Well, I am fully gray now! I came out as gay in 2004, and then came out as gray in 2017. I am still not sure which one was more difficult. [Laughs] But truly, I think I am much more chill now. I am still a workaholic and love what I do, but I take it all in stride much better now, thankfully. I think that alone has allowed me to keep doing this, so many years later. I’ve always loved what I do, but I think I’ve made it work in my life better now than in the beginning, if that makes sense. 

This Valentine’s season, he partners up with Brian McKnight for a virtual live stream concert, A Romantic Night In, on Feb 13.

I love Brian. His talent speaks for itself. We have recorded a lot together including having him appear on the new album on a song called “Summertime in NYC,” but we haven’t done that much live – so I am really looking forward to doing this show with him. I mean … that voice for Valentine’s? Come on! Home run. And of course, I have learned volumes from him. I try to take that approach with all those I am blessed to work with. That’s when true collaboration happens.

And though Dave’s music inspires many romantic settings (and probably some conceptions), love and dating for Dave are still a bit allusive.

I love meeting new people, I love dating (back when we could do that a lot easier), and one day I look forward to creating something truly special with the right man. Until then, and through COVID of course, it’s a lot of window shopping.  

Can one be successful at a career and a relationship at the same time?

I hope so. It’s all up to the partners to make it happen. But of course, when two people love and respect each other and are kind to one another, anything is possible. 

What must a possible suitor exhibit?

Kindness. Warmth. Sense of humor. Generosity of spirit. Passion for what THEY love to do. Oh, and a beautiful smile doesn’t hurt! 

Dave’s most romantic fan meeting is one for the books:

A woman who professed her undying love for me over and over for years (though we never met) wound up at a meet and greet, face to face with me. I was nervous about what she would say, and she did not disappoint. She went for it right there in front of me. I have no idea what exactly I said but somehow got out of there before the situation devolved. 

If you have not seen Dave in concert, look up one of his many live performances on YouTube. He controls the stage even when sharing it with a sea of other musicians. Separate from his saxophone playing, he puts on a show with his energy and personality establishing audience rapport from the minute he grabs the mic. By the end of the show, he is a sweaty mess, or rather, a sexy sweaty mess. How does he gear up for a performance?

I wish I had a great story to tell you to make it all sound impressive, but there’s not much of a ritual at all. After soundcheck, I usually have a small bite with my band and crew and just chill until the show. Right before we go on, we usually have a pre-show circle where we come together, get our heads in the game, remember why we are there and what we are there to do, have a short prayer…then it’s GO TIME!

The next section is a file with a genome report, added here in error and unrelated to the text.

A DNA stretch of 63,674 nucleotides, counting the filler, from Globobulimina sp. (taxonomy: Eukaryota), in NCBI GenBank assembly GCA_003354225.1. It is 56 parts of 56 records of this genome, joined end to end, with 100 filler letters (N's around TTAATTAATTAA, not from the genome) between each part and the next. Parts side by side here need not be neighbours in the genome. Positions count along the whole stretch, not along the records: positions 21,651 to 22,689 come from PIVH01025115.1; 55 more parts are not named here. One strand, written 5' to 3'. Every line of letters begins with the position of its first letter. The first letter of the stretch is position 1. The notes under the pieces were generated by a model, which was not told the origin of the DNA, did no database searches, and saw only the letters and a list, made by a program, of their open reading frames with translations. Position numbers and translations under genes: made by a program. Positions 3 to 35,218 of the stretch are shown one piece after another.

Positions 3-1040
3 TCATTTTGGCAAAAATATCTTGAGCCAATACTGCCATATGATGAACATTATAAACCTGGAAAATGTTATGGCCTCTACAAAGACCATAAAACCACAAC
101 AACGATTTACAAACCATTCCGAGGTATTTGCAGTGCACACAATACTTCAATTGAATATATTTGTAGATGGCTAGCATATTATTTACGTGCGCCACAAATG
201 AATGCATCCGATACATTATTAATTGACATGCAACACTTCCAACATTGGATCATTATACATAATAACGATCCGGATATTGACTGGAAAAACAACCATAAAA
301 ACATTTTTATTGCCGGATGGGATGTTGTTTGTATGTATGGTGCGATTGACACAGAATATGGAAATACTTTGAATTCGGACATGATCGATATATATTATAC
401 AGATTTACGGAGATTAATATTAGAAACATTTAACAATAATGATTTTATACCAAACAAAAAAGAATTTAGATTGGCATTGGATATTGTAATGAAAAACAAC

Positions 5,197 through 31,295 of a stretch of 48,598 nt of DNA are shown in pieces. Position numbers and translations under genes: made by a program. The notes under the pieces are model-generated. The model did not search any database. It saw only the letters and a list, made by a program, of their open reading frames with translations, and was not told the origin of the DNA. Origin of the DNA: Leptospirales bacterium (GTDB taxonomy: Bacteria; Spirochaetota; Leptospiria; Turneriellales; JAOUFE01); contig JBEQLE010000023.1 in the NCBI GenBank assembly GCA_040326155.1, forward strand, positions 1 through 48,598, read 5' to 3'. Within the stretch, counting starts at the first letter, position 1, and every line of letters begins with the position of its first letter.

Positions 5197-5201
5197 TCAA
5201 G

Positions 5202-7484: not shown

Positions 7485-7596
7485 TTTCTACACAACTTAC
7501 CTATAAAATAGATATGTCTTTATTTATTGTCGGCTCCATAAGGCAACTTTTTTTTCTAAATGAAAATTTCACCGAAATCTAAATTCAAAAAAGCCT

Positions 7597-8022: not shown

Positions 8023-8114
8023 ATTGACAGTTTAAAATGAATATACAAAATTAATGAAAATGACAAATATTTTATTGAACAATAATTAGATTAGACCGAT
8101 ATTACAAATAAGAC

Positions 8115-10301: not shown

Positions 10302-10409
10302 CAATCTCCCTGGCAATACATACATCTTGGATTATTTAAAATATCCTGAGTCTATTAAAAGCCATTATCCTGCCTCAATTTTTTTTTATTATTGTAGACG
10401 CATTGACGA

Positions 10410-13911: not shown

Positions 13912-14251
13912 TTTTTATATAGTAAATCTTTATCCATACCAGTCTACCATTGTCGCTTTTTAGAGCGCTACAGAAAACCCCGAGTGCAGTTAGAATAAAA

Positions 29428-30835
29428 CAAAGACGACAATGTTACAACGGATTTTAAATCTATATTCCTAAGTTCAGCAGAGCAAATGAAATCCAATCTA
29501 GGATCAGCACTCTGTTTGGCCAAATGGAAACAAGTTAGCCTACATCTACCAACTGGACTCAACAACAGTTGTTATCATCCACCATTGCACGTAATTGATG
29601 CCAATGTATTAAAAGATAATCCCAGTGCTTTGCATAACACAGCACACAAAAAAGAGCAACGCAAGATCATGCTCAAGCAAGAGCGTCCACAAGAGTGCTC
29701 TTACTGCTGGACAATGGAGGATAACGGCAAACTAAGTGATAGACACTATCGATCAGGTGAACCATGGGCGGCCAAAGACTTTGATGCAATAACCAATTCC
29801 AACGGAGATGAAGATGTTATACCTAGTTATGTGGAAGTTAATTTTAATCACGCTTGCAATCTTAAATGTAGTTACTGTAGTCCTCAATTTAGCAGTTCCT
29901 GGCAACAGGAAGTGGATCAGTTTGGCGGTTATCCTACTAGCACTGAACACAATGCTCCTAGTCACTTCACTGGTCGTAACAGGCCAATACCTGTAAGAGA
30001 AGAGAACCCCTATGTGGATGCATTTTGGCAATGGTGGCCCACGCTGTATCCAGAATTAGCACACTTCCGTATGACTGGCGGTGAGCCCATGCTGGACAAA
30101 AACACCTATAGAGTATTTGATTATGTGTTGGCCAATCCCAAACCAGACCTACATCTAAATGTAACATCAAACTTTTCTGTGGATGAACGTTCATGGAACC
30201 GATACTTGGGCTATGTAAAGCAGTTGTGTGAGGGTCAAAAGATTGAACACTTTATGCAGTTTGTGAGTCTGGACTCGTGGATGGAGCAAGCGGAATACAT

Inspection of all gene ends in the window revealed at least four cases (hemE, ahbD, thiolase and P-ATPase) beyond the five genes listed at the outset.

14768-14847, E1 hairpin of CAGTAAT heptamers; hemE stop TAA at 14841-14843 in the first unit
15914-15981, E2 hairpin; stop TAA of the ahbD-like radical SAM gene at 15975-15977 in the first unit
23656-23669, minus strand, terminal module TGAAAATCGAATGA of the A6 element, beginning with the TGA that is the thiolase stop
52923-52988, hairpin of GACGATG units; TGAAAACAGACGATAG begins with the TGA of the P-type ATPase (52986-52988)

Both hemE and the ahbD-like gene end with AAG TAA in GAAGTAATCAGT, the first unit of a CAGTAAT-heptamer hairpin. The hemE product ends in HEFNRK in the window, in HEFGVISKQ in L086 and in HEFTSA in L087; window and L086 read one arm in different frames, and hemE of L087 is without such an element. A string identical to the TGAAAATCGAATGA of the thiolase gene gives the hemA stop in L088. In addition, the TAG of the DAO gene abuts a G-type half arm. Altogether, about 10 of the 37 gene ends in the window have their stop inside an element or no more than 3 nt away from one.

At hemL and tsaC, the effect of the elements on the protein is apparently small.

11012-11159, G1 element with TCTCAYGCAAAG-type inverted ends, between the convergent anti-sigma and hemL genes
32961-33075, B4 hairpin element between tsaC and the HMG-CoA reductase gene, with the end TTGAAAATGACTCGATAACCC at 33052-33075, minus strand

After the show, you will have to compete with the throng of audience members waiting outside the stage door or his dressing room. A word to the wise, if you choose to wait for Dave after the show, bring a breath mint – confirmed rumor has it that he enjoys a tuna fish sandwich after a show.

Talking with Dave via Zoom was a complete joy. He is laid back, quiet, reflective, and slightly different from the winning personality you see on stage or TV.  His storytelling is as effusive as his sax playing, and trust that he did bring out the sax for a surprise phrase or two.

I am quite a loner. I LOVE people, but I am very happy being alone as well. Overall, though, what you see on stage at a show is basically the same guy you will meet offstage. Or at least, that is my aim. 

Though musical trends have changed and the way we listen to music has changed, the world of jazz is not going anywhere, and newer generations are joining the club. Dave’s mission is to keep on storytelling, keep on inspiring, and keep on playing. He has indeed brought “saxy” back.

I think we must remain mindful and vigilant to keep the music we love around. We all play a part in that. But radio is not music. Just because a radio format has fallen out of favor (as it has with Smooth Jazz), does not mean the fans aren’t there. It’s just that the format wasn’t working on radio anymore. Thankfully, there are now in the digital world, so many new ways of keeping that connection with one’s fans. And our world of jazz is really exploding, with a whole set of younger generation musicians and bands that are attracting HUGE crowds of younger people. In fact, this is where some of the most exciting music is coming from – bands like Vulfpeck and Snarky Puppy, artists like Kamasi Washington and Nubya Garcia, and even Jacob Collier, the UK whiz-kid whose latest jazz album was nominated for album of the year Grammy!  

I can’t wait to see what Dave’s next 30-year anniversary album has to offer!

You can check out everything Dave Koz at davekoz.com


Last modified: February 3, 2021